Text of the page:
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Peyer’s patches (PPs) play a central role in supporting B cell responses against intestinal antigens, yet the factors controlling B cell passage through these mucosal lymphoid tissues are incompletely understood. We report that, in mixed chimeras, CXCR4-deficient B cells accumulate in PPs compared with their representation in other lymphoid tissues. CXCR4-deficient B cells egress from PPs more slowly than wild-type cells, whereas CXCR5-deficient cells egress more rapidly. The CXCR4 ligand, CXCL12, is expressed by cells adjacent to lymphatic endothelial cells in a zone that abuts but minimally overlaps with the CXCL13+ follicle. CXCR4-deficient B cells show reduced localization to these CXCL12+ perilymphatic zones, whereas CXCR5-deficient B cells preferentially localize in these regions. By photoconverting KikGR-expressing cells within surgically exposed PPs, we provide evidence that naive B cells transit PPs with an approximate residency half-life of 10 h. When CXCR4 is lacking, KikGR+ B cells show a delay in PP egress. In summary, we identify a CXCL12hi perilymphatic zone in PPs that plays a role in overcoming CXCL13-mediated retention to promote B cell egress from these gut-associated lymphoid tissues.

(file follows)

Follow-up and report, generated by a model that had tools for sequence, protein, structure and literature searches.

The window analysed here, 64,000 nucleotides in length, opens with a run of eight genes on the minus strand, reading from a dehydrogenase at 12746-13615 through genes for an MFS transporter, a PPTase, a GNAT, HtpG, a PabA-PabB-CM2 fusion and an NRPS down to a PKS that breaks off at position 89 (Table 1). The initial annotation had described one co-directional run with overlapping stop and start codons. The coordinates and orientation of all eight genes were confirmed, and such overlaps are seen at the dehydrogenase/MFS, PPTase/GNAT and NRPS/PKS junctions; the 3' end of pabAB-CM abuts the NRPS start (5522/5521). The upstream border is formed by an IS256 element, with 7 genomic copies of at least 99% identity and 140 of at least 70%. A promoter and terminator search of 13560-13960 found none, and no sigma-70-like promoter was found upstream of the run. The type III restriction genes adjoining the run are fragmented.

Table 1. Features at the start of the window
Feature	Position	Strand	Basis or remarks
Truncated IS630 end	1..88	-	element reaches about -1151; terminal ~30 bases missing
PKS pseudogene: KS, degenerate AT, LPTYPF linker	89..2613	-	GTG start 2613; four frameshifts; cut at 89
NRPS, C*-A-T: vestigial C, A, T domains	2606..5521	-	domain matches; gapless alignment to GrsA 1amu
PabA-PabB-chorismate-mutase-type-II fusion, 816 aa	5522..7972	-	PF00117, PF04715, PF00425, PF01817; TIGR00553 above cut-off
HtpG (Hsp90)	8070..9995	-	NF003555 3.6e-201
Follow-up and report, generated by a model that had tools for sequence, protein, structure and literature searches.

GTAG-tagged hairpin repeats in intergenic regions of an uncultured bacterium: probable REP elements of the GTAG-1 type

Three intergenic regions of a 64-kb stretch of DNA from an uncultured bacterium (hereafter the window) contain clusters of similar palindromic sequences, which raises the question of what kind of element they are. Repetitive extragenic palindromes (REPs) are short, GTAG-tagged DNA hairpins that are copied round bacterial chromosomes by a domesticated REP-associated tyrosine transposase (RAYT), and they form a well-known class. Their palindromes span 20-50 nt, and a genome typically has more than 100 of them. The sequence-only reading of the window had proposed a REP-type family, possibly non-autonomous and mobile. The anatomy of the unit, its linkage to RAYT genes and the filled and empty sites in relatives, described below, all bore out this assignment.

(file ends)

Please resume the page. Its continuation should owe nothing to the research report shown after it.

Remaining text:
Original publication




Journal article


Journal of Experimental Medicine


Rockefeller University Press

Publication Date





1099 - 1107